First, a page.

Jared Leidich
Leidichj@gmail.com

Drag and Atmospheric Neutral Density Explorer (DANDE)

The Project:


dande sat

From the DANDE webpage:

 
The Drag and Atmospheric Neutral Density Explorer (DANDE) is a 50 kg, spherical spacecraft being developed by students at the University of Colorado at Boulder by the Colorado Space Grant Consortium (COSGC) in partnership with the Aerospace Engineering Science Department (ASEN). The goal of the DANDE (http://spacegrant.colorado.edu/dande) mission is to provide an improved understanding of the satellite drag environment in the lower-thermosphere at low-cost.

In addition to being a unique educational forum for teaching design and systems engineering, the mission is a response to government and industry needs for near-real time space-weather and drag prediction. These products are important to operators of low earth orbiting satellites with precision navigation needs including both government and industry. DANDE government collaborators interact with CU engineering students and include the Air Force Office of Scientific Research (AFOSR), Air Force Research Lab (AFRL), Air Force Space Command Space Analysis Center (AFSPC A9A), Naval Research Lab (NRL), National Oceanographic and Atmospheric Administration (NOAA) Space Weather Prediction Center, and NASA Goddard Space Flight Center (GSFC). The DANDE project has helped foster and strengthen these relations.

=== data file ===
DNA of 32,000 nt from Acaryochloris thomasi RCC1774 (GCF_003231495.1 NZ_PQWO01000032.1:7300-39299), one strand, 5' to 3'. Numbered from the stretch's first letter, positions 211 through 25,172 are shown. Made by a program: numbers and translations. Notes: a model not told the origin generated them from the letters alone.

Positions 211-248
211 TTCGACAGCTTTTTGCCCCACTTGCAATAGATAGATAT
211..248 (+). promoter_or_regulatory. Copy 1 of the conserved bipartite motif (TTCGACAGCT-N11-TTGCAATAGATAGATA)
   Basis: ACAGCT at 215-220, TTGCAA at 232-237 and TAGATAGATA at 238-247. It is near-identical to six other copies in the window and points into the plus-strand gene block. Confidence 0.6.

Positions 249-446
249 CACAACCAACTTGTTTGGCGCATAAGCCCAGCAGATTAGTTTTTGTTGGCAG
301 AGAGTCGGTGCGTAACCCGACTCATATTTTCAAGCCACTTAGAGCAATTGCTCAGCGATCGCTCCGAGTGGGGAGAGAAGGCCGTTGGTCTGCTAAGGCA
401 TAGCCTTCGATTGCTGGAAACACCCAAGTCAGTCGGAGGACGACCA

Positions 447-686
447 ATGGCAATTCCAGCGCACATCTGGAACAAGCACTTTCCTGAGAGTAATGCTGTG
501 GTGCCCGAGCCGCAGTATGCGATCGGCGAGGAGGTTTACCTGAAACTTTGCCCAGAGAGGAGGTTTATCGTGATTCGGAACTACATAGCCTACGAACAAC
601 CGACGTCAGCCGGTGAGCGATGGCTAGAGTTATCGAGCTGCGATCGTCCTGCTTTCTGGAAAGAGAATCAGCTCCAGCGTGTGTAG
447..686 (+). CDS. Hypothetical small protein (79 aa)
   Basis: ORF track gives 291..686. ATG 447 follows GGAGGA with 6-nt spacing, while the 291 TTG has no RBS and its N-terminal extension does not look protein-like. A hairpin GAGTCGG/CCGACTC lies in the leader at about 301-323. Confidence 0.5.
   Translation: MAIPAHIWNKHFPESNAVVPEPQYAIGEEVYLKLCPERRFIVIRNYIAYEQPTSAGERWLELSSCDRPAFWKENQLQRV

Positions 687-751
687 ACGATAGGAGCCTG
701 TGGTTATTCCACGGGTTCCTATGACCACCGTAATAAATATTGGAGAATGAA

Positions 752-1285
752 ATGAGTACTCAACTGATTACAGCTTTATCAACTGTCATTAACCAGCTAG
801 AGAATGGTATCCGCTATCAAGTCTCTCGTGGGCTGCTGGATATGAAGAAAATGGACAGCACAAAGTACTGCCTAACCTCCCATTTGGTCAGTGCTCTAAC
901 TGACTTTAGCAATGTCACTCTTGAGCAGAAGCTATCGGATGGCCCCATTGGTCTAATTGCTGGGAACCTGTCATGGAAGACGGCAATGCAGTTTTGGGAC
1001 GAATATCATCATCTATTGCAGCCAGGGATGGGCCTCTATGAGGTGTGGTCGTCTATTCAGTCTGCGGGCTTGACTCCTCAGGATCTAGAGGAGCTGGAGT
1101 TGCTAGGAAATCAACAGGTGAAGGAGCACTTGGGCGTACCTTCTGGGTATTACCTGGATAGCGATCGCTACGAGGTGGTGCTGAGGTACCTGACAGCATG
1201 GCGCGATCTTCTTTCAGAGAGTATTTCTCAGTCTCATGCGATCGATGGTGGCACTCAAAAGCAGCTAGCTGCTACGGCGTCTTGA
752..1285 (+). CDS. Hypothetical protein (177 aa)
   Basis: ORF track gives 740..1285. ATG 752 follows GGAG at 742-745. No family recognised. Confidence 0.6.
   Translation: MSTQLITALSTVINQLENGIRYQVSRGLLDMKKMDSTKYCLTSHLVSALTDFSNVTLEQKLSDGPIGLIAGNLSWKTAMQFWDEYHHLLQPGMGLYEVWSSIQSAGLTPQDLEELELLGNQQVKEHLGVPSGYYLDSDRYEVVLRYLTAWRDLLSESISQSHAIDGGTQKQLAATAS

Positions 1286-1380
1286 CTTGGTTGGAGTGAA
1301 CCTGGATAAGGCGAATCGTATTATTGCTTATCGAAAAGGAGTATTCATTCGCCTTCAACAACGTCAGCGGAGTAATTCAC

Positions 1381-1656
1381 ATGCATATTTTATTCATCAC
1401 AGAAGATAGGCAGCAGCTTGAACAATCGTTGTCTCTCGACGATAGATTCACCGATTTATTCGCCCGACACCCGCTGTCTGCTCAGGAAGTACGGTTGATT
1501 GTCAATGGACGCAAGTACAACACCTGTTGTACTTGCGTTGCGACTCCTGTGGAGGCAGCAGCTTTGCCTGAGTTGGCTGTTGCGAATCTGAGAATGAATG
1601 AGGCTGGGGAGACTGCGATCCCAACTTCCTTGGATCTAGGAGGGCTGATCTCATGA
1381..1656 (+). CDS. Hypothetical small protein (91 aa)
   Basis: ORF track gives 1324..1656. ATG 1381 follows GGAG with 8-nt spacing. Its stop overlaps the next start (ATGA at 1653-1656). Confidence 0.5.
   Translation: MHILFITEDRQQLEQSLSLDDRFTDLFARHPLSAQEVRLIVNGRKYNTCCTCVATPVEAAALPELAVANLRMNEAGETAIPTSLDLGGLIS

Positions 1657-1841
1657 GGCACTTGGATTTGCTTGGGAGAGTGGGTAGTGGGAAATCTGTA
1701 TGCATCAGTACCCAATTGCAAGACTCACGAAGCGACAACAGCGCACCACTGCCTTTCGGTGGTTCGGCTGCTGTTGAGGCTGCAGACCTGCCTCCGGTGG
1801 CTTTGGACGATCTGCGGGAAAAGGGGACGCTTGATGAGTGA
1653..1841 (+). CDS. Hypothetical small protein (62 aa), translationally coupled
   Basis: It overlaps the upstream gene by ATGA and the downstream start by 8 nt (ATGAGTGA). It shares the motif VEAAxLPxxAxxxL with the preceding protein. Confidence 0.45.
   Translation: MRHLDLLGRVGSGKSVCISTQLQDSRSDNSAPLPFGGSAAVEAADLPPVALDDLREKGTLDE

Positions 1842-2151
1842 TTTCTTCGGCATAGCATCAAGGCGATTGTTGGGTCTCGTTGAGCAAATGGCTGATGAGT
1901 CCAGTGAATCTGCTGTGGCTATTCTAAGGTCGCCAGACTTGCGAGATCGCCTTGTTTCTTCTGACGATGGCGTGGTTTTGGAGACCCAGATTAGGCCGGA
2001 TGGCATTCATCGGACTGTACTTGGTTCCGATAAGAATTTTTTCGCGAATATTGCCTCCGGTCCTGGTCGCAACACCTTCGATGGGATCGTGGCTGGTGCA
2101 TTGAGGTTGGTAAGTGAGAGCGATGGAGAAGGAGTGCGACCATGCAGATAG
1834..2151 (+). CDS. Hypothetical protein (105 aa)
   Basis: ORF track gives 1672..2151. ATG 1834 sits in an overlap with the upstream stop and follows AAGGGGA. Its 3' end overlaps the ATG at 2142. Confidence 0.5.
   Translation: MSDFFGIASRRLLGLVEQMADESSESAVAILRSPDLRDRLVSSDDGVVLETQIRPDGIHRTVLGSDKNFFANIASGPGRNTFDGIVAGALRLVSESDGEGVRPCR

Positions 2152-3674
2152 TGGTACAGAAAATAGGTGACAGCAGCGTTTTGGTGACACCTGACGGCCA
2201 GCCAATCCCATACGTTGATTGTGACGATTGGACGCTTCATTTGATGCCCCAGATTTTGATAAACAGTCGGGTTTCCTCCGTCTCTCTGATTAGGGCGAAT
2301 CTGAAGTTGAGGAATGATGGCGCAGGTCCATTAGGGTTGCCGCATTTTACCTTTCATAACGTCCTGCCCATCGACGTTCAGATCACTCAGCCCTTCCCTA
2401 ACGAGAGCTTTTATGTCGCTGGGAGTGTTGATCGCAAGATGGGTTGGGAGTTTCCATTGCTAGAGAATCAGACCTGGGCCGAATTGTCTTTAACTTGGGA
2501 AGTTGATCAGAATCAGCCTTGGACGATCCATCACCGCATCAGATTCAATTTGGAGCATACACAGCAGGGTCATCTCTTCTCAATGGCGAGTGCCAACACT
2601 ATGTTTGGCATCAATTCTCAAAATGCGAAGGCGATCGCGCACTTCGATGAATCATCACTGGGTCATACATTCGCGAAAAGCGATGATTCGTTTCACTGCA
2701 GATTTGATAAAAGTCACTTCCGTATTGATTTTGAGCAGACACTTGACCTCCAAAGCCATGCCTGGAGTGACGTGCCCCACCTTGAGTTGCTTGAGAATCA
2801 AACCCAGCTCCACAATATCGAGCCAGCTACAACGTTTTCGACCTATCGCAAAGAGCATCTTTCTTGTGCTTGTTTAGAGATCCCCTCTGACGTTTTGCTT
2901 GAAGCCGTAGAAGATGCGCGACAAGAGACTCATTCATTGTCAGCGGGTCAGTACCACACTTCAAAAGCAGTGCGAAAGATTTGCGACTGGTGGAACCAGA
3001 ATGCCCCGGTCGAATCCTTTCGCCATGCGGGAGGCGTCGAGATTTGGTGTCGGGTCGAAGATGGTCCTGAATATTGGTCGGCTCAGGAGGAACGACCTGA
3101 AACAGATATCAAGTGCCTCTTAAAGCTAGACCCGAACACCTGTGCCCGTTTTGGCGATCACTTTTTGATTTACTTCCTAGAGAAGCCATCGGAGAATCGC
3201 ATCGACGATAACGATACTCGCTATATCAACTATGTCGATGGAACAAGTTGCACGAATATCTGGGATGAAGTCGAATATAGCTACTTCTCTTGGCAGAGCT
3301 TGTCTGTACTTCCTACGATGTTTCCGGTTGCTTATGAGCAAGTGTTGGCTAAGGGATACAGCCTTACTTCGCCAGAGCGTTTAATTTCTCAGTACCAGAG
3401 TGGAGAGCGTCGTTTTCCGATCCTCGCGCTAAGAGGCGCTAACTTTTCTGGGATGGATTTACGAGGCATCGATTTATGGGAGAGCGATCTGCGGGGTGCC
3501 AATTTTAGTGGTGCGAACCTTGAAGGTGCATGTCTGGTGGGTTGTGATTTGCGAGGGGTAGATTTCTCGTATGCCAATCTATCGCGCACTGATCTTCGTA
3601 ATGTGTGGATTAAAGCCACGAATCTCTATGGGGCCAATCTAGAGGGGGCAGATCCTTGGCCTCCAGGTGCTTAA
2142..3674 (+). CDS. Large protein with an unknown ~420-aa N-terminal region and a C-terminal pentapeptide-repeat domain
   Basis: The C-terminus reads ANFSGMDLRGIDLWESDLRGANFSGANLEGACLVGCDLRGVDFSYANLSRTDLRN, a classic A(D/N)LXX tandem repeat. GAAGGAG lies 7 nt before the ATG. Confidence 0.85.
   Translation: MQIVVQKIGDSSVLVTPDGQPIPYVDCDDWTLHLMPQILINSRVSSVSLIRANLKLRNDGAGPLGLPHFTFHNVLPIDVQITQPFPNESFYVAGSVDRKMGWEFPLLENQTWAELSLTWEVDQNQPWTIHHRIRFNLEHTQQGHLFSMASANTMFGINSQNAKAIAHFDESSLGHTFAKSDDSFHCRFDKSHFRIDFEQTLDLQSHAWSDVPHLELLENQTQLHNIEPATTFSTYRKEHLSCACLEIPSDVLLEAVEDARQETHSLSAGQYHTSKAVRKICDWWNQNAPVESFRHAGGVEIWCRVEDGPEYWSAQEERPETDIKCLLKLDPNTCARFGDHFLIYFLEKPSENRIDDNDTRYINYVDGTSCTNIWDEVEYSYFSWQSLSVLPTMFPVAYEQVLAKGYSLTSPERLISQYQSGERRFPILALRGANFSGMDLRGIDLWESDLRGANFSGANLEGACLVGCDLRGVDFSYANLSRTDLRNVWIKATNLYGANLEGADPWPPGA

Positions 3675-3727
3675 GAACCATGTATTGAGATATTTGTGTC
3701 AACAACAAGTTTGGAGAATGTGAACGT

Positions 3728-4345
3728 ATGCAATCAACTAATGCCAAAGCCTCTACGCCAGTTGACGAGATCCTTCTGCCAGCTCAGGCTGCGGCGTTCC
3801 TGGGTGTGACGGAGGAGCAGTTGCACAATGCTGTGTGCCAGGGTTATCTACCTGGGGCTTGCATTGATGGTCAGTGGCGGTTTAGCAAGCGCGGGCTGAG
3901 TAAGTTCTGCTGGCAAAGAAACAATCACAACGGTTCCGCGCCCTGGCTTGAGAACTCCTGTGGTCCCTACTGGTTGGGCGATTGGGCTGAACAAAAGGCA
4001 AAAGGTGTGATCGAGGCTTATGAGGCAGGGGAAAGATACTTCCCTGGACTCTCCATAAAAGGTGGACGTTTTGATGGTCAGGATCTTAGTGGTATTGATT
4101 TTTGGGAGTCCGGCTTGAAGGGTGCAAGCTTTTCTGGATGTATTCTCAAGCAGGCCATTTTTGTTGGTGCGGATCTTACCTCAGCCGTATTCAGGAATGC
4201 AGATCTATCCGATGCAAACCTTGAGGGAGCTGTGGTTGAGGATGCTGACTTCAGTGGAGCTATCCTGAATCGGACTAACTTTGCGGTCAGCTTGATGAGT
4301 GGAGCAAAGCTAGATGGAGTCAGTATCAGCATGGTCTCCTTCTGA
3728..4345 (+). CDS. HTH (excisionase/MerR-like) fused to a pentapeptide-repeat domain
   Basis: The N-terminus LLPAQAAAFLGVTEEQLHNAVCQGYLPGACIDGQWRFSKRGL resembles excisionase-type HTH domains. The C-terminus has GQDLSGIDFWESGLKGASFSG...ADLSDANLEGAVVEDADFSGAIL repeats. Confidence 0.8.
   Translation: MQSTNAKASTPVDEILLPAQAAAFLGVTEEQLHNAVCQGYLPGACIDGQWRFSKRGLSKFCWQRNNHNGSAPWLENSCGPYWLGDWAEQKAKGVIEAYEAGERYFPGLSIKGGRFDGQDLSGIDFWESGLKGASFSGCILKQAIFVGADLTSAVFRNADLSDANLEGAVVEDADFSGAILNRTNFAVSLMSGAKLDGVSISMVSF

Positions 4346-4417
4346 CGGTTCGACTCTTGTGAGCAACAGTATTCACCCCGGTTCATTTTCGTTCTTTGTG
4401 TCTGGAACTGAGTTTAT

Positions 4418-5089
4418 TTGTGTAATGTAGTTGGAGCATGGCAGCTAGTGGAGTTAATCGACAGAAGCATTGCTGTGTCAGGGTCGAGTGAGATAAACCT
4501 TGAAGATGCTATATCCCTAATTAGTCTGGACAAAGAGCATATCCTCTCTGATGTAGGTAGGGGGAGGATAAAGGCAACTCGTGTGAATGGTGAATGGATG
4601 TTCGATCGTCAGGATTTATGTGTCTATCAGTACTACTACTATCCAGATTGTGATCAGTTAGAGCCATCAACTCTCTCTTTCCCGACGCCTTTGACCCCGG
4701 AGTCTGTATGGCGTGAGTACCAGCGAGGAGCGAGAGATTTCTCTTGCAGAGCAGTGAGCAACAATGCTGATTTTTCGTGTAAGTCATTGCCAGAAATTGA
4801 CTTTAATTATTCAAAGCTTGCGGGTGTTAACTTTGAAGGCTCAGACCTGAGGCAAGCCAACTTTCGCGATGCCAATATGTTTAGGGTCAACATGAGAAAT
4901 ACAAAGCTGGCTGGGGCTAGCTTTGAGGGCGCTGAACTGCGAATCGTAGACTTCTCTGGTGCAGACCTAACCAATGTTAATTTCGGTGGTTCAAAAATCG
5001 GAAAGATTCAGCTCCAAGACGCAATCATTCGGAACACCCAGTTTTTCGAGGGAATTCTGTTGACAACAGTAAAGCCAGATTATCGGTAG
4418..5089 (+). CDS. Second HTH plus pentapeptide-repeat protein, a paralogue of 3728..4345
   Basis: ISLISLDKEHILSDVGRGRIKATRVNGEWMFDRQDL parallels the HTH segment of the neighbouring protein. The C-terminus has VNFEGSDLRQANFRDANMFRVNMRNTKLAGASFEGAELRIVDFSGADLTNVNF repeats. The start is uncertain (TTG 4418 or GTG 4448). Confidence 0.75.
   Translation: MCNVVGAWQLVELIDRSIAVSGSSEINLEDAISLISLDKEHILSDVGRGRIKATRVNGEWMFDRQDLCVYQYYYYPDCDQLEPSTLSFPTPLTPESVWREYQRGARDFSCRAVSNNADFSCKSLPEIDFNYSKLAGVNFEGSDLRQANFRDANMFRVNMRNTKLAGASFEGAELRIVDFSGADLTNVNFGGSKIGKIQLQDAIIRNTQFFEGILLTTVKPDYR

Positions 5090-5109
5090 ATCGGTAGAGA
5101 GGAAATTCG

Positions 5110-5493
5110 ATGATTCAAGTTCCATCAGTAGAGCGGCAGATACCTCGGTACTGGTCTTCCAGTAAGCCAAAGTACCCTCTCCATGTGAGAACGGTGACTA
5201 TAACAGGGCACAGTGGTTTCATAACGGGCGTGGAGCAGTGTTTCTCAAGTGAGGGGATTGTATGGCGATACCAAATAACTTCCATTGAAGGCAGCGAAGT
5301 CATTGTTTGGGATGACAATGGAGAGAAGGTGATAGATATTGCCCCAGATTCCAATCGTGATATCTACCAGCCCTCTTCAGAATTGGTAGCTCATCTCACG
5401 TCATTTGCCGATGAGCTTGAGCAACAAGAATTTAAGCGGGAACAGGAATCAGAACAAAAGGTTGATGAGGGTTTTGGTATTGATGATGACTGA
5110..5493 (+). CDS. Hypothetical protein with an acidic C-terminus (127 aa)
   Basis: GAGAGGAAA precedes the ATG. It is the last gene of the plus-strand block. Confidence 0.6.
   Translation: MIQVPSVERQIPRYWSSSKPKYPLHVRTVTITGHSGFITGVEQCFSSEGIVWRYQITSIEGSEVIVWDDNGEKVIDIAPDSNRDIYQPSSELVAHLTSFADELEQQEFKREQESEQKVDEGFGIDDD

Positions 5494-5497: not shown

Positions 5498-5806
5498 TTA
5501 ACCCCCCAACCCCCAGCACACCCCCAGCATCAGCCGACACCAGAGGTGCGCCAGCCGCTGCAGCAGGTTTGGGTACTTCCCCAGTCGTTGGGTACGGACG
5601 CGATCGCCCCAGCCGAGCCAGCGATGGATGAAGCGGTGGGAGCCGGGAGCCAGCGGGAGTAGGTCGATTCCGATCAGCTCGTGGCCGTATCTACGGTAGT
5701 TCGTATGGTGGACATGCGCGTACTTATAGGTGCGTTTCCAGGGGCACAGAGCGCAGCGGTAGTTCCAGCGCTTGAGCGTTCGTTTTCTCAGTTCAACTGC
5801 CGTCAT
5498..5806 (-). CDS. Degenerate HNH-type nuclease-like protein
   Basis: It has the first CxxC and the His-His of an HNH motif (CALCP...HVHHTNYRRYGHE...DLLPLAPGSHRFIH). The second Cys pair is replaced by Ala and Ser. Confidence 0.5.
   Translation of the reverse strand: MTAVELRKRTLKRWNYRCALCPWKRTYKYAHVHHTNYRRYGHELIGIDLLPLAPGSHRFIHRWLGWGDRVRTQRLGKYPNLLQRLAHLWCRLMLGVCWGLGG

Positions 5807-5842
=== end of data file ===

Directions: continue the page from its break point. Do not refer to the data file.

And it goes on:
References:

1. DANDE project page: www.csmarts.colorado.edu

My Role:


I was hired onto the project as a designer and machinest to develop and fabricate the structures of the DANDE spacecraft. By the time of the award I was the separations team lead and was involved in the design and fabrication of some major componets including the main central plate, the power system (batterys), nutation dampers (stabilizers) and the kinematic system that separates the spherical satellite from the flat interface plate (see picure to the right).